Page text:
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Trader Joe's's?

 
 
Ticomaya
 
  1  
Reply Fri 28 Mar, 2014 11:42 pm
@tsarstepan,
tsarstepan wrote:
Wow. We don't have supermarket branded whiskey here in NYC. Europeans are so cosmopolitan AKA lucky so and so's.

We have supermarket branded whiskey here in Arizona. NY is so behind the times.
0 Replies
 
contrex
 
  1  
Reply Sat 29 Mar, 2014 02:30 am
@raprap,
raprap wrote:

I prefer Irish scotch.


There ain't no such animal - at least not round here. You'd get laughed at for saying that in all the countries of the UK and Ireland. Only whisky (no 'e') from Scotland is called "Scotch whisky" or just "Scotch". Irish whiskey (with an 'e') is just that. Maybe some people outside Scotland and Ireland think of every whisky that isn't bourbon as "scotch"?

I have to say that watching Mad Men on TV has made me curious about Canadian whisky, which Don Draper seems to like.

Setanta
 
  1  
Reply Sat 29 Mar, 2014 03:16 am
@contrex,
Canadian whisky is heavily dependent on corn mash (corn as in "maize"), but it is not like American "bourbon." That's because the flavor is informed by the use of rye. Some people use the terms rye whisky and Canadian whisky interchangeably. It is a milder and smoother whisky, although that is a reference only to taste--alcohol content is equivalent to American, Irish and Scots whiskys.
0 Replies
 
contrex
 
  1  
Reply Sat 29 Mar, 2014 03:23 am
@raprap,
raprap wrote:
Question? Do Aldi's and Trader Joe elsewhere have the coin (Quarter) lock on the shopping carts?

In Britain Aldi and Lidl stores have always had this and the other store chains are using trolley retention schemes of various kinds. Tesco have started using trolleys with a locking device - if you take the trolley outside a zone marked with a red line at the boundary, a wheel locks and you can't push it any further.

One problem is that some people (mainly chavs) don't just dump the trolleys in the car parks; in urban areas they push the trolley to their home. Kids use them for rides, they end up in alleys or in the street, or in canals and rivers. You can tell the rough end of town by the dumped trolleys. The town litter people or the supermarkets have to collect them, which costs money. Sometimes people steal them altogether and use them for hauling stuff about, like building materials.

Some towns have bye-laws - for example in Leicester if you are caught dumping a trolley outside its owning supermarket's boundary you can be fined 80 pounds (about 135 US dollars).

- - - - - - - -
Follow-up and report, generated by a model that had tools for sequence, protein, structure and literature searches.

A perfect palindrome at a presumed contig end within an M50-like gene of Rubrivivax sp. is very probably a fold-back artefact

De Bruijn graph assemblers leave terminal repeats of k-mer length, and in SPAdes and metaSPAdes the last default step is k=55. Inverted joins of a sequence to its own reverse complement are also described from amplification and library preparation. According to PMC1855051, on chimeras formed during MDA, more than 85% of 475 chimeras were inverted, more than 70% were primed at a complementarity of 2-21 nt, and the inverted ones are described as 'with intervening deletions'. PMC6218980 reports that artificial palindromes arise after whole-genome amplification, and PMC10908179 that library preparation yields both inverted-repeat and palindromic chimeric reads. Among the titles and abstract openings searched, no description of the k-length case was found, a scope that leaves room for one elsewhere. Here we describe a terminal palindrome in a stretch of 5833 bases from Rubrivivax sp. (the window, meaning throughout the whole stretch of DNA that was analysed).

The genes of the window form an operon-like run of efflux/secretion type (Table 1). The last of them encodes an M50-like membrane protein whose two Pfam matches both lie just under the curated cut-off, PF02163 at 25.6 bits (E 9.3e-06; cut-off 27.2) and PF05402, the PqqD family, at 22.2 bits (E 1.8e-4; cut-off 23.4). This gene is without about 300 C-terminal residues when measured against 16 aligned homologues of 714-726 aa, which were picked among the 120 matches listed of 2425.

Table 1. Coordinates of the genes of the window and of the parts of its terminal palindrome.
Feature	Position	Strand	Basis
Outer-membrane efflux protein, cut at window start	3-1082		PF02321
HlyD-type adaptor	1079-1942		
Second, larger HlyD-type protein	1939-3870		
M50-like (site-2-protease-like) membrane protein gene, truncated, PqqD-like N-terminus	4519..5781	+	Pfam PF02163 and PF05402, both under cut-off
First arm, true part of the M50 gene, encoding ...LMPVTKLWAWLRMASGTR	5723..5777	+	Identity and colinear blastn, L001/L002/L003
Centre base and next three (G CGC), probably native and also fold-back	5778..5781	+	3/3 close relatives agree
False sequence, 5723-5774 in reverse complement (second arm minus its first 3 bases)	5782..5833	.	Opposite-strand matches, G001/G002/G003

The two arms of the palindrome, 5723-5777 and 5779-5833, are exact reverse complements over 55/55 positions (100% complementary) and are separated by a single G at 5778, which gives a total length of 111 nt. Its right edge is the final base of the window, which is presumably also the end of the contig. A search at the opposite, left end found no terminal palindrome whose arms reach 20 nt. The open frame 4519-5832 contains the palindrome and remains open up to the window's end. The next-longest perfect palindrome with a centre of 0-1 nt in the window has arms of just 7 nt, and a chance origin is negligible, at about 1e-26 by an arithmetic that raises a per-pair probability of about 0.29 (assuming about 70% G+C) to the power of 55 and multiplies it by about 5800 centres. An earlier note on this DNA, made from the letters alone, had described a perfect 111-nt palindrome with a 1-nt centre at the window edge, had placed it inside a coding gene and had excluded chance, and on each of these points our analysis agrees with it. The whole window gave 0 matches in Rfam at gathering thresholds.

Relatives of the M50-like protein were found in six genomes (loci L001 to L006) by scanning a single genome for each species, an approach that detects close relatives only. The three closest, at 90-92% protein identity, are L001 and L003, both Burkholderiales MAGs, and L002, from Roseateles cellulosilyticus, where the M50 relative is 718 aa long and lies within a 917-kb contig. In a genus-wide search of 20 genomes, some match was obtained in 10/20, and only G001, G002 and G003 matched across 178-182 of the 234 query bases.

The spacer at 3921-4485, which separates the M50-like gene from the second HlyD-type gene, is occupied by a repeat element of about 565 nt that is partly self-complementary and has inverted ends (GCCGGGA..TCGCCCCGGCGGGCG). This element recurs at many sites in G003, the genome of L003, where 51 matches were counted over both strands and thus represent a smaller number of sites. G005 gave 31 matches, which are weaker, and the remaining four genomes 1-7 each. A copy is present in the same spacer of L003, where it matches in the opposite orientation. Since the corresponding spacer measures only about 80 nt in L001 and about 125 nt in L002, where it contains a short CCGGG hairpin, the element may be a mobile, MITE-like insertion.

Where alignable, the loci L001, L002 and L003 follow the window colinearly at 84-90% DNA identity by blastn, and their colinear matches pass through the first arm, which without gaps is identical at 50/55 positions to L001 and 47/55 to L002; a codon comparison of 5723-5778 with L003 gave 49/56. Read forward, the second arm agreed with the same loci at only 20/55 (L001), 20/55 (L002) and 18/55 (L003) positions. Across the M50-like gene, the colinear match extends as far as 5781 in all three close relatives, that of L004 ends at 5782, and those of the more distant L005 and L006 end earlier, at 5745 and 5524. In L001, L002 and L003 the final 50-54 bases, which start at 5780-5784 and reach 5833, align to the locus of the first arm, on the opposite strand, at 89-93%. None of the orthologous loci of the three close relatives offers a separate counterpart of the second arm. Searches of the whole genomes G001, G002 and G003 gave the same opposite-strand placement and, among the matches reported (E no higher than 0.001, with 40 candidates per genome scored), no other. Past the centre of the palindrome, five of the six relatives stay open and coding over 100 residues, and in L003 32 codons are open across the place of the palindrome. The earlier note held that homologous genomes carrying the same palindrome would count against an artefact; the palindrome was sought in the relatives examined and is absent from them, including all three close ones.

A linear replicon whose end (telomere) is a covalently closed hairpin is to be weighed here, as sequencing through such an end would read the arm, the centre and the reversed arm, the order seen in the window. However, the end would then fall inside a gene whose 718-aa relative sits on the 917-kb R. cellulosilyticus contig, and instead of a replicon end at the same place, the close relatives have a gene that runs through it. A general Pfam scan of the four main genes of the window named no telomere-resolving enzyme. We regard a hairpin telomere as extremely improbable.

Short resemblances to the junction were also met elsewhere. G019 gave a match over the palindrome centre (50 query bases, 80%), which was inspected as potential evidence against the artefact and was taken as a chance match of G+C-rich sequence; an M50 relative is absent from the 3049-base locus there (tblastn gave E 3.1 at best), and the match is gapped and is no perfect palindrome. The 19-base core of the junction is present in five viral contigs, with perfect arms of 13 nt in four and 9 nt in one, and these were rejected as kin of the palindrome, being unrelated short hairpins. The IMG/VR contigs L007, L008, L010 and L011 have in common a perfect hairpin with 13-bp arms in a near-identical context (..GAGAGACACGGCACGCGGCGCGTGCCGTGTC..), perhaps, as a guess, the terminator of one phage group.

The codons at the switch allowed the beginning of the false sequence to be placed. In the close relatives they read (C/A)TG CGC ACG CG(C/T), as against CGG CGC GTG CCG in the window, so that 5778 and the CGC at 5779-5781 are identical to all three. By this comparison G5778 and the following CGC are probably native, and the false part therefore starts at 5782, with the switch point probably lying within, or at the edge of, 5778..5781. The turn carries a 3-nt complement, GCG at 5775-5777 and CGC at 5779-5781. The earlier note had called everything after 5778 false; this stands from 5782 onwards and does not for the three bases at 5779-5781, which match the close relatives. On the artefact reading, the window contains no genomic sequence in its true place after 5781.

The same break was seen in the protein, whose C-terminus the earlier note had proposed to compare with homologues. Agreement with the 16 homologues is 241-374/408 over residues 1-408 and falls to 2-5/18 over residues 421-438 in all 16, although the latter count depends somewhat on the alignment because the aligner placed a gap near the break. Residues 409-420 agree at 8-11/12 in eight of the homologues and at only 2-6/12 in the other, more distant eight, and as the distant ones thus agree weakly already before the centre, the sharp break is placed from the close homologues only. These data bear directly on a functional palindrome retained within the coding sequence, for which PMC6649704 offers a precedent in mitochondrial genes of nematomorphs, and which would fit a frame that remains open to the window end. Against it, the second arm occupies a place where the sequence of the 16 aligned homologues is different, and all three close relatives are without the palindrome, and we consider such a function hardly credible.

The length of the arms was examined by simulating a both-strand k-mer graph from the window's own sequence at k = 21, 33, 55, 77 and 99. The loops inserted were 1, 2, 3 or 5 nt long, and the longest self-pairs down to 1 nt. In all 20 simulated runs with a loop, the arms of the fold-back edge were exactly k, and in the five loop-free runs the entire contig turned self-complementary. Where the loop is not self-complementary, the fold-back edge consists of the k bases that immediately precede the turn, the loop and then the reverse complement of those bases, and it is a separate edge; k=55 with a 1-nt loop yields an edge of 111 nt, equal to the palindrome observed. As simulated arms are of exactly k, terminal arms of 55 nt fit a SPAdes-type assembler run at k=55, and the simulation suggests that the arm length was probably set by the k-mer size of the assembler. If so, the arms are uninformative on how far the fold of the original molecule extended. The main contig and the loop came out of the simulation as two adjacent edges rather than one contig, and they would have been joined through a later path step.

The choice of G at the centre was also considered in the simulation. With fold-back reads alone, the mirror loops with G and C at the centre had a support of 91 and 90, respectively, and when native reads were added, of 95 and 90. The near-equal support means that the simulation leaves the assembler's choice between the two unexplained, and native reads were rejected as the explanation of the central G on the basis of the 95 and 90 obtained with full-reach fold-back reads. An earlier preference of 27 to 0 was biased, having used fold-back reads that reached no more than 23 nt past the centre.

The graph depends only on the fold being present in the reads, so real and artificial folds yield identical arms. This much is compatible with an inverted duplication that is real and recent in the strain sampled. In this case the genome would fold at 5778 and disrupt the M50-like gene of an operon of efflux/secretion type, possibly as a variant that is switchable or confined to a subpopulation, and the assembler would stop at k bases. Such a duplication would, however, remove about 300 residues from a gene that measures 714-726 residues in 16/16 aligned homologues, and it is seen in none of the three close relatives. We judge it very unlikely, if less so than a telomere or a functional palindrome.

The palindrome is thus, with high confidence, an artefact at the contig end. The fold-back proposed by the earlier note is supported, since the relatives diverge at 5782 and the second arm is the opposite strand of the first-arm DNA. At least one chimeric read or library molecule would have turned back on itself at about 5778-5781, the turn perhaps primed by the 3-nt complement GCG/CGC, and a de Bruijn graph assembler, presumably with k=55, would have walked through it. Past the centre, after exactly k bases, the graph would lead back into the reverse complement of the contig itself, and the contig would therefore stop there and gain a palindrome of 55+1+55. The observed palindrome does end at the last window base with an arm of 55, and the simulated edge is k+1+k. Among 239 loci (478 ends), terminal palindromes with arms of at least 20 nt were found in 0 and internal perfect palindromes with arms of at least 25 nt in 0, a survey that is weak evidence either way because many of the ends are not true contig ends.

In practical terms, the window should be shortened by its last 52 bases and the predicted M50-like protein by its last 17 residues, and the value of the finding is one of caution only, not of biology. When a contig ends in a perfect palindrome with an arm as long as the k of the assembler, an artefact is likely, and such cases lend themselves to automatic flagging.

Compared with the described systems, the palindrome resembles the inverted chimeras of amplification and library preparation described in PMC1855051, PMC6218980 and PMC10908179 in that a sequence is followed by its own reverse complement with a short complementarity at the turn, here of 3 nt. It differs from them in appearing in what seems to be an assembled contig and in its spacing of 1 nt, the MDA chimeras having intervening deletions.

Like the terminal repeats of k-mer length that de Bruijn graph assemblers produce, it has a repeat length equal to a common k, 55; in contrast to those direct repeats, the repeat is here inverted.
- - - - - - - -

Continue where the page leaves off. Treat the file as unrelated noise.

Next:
0 Replies
 
contrex
 
  1  
Reply Sat 29 Mar, 2014 03:45 am
@ehBeth,
ehBeth wrote:

contrex wrote:
. I have found the Lidl Scotch whisky range the equal of any other supermarket brand.


is any supermarket brand whisky good?


Time was, the mass-appeal supermarkets used to sell well-known brands of alcohol - Teacher's, Haig, Gilbey's, Martell, etc, and alongside these would be cheaper 'own label' stuff, intended for people who just wanted to get drunk or who didn't care what their booze tasted like. In fact own-label grocery stuff in general had an image of being for poor people. Then the chains started going for the premium level customers - they introduced ranges like Tesco Finest, Sainsbury's Taste The Difference, etc. Now all the chains have basic and premium level offerings, and Aldi, Lidl, Netto etc are aiming to capture a slice of both markets. The British grocery business is probably the most competitive in the world. The UK also has one of the most advanced private label markets in the world (valued at around $100 billion). For the grocery market, private label had around 55% market share in 2008.

0 Replies
 
raprap
 
  1  
Reply Sat 29 Mar, 2014 04:09 am
@contrex,
mea culpa I meant 'whiskey'

I have see 'trollys' left abandoned everywhere here. I've seen wheel lock system being used, but with limited effect. The quarter lock works like a charm, but only Aldi is the only user.

Rap
contrex
 
  1  
Reply Sat 29 Mar, 2014 05:52 am
@raprap,
raprap wrote:
I have see 'trollys'


Trolleys are what people in Britspeak countries call them, I think N. Americans call them something else.
raprap
 
  2  
Reply Sat 29 Mar, 2014 06:09 am
@contrex,
Grocery Carts--four syllables beats two.
You beat us up on 'bonnet' rather than 'hood'. So we had to trump.

Rap
0 Replies
 
Setanta
 
  1  
Reply Sat 29 Mar, 2014 08:59 am
I've always heard shopping cart--after all, you might not be buying groceries.
contrex
 
  1  
Reply Sat 29 Mar, 2014 09:05 am
@Setanta,
Setanta wrote:

I've always heard shopping cart--after all, you might not be buying groceries.


I see them in auto parts and electronics stores and also in Ikea.
0 Replies
 
 

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